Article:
Trump Signs Veterans Bill Eliminating Expiration Date On Health Care Treatments

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Trump Signs Veterans Bill Eliminating Expiration Date On Health Care Treatments

President Donald Trump signed a bill Wednesday to temporarily extend a program that lets some veterans seek medical care in the private sector, part of an effort by the president to deliver on a campaign promise.

Some veterans have criticized the Choice Program for being complex and confusing, and while many congressmen and veterans groups applauded Trump's signing of the bill, they did so with the caveat that the program improves.

"VA is taking immediate action to review the National Caregiver Support Program to ensure we honor our commitment to enhance the health and well-being of veterans", said Dr. David J. Shulkin, Secretary of Veterans Affairs, in a statement. Under the bill, the VA will be allowed to operate its Choice program until the funding runs out.

Extension of the "Veterans Choice" program could worry Democrats and other critics that Trump and Shulkin are inching toward sending some of the $65.6 billion the department spends annually on medical care to corporations and private businesses.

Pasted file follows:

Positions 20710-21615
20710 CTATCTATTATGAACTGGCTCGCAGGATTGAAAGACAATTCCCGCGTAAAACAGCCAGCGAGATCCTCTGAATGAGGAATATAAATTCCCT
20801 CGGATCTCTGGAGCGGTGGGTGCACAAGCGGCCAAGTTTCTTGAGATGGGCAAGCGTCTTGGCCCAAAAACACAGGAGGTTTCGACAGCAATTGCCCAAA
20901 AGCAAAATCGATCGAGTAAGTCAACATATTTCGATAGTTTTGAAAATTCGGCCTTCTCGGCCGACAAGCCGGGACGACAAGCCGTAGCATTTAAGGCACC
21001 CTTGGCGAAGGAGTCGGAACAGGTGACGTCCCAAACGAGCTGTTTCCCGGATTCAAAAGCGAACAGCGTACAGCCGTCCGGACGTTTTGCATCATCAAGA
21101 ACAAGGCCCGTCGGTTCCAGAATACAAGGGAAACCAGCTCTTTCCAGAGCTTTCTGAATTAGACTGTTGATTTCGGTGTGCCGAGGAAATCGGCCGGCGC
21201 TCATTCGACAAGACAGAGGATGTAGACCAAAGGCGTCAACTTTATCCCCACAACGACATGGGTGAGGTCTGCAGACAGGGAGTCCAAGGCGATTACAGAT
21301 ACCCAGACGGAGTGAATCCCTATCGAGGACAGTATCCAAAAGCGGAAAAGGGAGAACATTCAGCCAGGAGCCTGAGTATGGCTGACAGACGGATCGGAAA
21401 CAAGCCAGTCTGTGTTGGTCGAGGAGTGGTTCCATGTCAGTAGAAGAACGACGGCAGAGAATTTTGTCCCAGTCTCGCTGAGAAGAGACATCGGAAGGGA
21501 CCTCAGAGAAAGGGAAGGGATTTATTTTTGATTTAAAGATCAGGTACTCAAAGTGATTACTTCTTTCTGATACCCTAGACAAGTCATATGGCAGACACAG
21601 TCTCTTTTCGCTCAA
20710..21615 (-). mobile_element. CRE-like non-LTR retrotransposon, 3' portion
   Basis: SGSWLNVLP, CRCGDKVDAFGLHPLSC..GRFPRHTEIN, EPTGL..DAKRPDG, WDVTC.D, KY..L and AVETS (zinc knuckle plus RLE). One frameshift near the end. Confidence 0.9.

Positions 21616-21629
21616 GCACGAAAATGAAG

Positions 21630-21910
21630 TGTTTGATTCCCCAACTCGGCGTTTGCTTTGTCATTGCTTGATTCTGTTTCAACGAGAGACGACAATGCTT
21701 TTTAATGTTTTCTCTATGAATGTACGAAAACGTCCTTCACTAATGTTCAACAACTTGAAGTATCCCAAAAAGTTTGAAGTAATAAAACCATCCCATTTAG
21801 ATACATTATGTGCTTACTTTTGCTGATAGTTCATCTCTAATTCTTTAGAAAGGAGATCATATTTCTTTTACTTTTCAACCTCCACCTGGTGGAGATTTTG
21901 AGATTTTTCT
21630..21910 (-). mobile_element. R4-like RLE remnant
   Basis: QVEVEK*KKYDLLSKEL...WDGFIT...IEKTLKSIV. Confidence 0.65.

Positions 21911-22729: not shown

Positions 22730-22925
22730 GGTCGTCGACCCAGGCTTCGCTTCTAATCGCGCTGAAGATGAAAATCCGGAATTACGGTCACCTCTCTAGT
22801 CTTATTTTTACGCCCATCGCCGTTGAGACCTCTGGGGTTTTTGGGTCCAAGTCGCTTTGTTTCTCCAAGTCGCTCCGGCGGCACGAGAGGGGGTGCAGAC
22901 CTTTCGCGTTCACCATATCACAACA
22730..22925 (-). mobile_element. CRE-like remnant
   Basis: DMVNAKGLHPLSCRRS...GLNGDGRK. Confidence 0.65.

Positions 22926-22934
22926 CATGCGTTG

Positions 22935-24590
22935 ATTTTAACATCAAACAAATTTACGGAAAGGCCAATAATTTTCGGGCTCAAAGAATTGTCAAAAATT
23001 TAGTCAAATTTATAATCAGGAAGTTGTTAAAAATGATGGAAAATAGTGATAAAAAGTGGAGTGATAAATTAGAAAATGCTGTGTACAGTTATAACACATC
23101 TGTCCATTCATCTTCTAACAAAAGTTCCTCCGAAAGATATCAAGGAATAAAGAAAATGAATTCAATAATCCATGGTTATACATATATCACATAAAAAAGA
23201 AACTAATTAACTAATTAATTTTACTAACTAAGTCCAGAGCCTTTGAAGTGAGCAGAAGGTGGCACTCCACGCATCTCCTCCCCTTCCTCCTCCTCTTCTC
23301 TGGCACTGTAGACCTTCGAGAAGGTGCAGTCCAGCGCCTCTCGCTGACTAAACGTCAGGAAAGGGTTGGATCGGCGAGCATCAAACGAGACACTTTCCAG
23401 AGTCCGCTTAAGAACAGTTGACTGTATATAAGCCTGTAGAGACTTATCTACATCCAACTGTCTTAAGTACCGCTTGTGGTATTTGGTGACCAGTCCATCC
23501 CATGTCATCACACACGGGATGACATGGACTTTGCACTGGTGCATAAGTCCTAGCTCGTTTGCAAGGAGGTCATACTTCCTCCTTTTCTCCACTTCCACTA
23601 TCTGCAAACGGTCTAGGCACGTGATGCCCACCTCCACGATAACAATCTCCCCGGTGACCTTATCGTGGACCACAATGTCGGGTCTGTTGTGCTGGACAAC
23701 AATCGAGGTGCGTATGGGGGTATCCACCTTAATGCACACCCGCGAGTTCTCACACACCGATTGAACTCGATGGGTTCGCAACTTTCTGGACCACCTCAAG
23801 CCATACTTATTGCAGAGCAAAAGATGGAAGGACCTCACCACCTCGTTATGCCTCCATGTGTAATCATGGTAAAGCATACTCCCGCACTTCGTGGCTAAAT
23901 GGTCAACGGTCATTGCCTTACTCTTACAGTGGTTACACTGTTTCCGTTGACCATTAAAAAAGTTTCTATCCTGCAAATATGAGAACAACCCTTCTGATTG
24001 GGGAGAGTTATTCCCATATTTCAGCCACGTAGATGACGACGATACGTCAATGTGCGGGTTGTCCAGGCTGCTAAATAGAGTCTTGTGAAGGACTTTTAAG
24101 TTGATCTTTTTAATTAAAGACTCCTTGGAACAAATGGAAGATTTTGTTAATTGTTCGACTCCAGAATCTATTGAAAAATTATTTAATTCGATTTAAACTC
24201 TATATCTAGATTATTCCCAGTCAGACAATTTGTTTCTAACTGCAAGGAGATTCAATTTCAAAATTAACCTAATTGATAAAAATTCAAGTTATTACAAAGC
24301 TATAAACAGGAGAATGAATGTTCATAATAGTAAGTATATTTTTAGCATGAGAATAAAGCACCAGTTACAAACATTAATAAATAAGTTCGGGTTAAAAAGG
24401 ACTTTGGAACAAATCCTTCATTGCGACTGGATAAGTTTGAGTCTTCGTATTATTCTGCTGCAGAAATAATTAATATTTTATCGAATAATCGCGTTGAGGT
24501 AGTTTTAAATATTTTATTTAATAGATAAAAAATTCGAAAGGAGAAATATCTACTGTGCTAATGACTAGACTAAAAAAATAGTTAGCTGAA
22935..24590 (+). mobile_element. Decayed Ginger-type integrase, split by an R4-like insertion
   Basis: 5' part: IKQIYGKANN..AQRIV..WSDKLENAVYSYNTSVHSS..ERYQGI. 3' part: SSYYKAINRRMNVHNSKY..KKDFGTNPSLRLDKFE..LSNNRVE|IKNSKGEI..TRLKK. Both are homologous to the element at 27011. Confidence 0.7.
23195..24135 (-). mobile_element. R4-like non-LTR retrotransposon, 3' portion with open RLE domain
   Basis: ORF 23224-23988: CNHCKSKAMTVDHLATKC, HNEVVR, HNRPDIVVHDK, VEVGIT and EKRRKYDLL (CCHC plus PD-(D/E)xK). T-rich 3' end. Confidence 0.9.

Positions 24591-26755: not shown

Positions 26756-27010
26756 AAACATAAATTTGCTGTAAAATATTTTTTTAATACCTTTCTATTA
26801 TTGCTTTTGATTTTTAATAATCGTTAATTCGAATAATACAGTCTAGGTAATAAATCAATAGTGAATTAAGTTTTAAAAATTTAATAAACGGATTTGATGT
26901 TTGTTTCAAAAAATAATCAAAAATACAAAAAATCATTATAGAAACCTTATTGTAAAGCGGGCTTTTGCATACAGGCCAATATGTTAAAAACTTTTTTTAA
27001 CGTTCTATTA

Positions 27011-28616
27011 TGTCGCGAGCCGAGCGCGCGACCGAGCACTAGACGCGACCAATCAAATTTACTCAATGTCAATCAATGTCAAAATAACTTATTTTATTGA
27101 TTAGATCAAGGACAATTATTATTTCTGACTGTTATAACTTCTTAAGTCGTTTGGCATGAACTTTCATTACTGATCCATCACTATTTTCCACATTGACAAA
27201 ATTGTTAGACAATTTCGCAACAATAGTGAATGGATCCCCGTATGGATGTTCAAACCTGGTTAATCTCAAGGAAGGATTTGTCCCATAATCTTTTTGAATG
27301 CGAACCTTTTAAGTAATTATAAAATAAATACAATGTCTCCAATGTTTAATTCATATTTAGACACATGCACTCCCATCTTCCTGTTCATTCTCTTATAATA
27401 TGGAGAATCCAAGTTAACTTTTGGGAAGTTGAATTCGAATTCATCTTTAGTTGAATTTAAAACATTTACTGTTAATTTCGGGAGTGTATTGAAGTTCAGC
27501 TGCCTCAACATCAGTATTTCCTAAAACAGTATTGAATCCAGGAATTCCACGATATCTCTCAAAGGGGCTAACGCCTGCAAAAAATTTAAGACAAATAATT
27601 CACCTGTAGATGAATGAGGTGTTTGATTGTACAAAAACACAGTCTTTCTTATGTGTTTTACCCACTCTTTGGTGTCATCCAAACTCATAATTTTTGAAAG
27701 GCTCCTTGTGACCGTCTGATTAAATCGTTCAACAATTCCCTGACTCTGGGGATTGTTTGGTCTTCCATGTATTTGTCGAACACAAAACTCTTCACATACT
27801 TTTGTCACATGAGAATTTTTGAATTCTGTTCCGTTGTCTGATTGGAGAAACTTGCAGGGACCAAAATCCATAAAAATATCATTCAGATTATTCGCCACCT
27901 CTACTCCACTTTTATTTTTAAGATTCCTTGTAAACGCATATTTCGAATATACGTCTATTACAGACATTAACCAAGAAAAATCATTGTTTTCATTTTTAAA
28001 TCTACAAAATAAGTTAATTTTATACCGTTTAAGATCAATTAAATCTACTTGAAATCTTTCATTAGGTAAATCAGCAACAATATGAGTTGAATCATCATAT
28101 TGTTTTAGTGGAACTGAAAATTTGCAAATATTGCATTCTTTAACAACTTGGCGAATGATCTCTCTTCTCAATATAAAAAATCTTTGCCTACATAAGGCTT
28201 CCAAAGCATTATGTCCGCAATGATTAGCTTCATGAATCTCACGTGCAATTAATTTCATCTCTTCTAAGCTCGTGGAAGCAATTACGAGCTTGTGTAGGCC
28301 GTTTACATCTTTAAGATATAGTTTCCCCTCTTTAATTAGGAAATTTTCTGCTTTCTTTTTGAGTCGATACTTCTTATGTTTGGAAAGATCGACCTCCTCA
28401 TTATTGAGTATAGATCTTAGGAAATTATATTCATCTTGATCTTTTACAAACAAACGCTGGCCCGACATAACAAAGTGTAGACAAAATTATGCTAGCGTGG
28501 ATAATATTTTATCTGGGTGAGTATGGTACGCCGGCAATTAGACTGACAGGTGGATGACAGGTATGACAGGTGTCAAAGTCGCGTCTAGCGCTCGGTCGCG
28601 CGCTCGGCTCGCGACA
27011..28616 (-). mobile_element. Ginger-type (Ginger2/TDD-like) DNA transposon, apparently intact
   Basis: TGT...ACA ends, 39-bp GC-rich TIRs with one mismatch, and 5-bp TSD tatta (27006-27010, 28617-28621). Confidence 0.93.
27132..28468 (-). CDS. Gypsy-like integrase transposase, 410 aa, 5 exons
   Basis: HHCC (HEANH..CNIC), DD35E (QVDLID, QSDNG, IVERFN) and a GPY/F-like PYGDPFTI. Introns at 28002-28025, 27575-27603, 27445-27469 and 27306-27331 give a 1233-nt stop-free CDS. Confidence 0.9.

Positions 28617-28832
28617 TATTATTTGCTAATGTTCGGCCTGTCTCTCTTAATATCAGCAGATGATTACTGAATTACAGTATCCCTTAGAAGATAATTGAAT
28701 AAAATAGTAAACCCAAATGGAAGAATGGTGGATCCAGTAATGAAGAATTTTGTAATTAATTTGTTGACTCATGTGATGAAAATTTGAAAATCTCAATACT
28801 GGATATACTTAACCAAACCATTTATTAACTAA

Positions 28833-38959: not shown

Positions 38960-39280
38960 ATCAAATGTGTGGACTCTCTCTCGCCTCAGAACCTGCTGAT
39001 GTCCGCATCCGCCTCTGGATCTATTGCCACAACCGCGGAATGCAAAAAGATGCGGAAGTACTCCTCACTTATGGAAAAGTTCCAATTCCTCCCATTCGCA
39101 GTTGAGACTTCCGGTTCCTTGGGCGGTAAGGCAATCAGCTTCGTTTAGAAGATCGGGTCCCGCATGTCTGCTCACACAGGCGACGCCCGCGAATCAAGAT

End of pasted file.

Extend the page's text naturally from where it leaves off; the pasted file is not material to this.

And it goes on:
President Obama signed the Veterans Choice program into law in August of 2014.

"Using funds that have already been appropriated for this program, this gives our nation's heroes the peace of mind they deserve while this administration works with Congress to enact comprehensive reform and modernization at the VA", White House Press Secretary Sean Spicer said.

The Choice Program is a start, but the CVA is eager for more "permanent solutions". Many vets complained it made getting that care more of a hassle.

Trump pledged to hold a news conference next week on "all of the tremendous things that are happening at the VA and what we've done in terms of progress and achievement". This represents millions of appointments that would have otherwise lagged in the VA's scheduling system for everything from routine check-ups and diagnostic tests to life saving heart and cancer treatment. He said more work is needed, but called the legislation "an important first step". Only 61 percent of veterans surveyed said they got an appointment for urgent primary care when they needed it, according to VA data.

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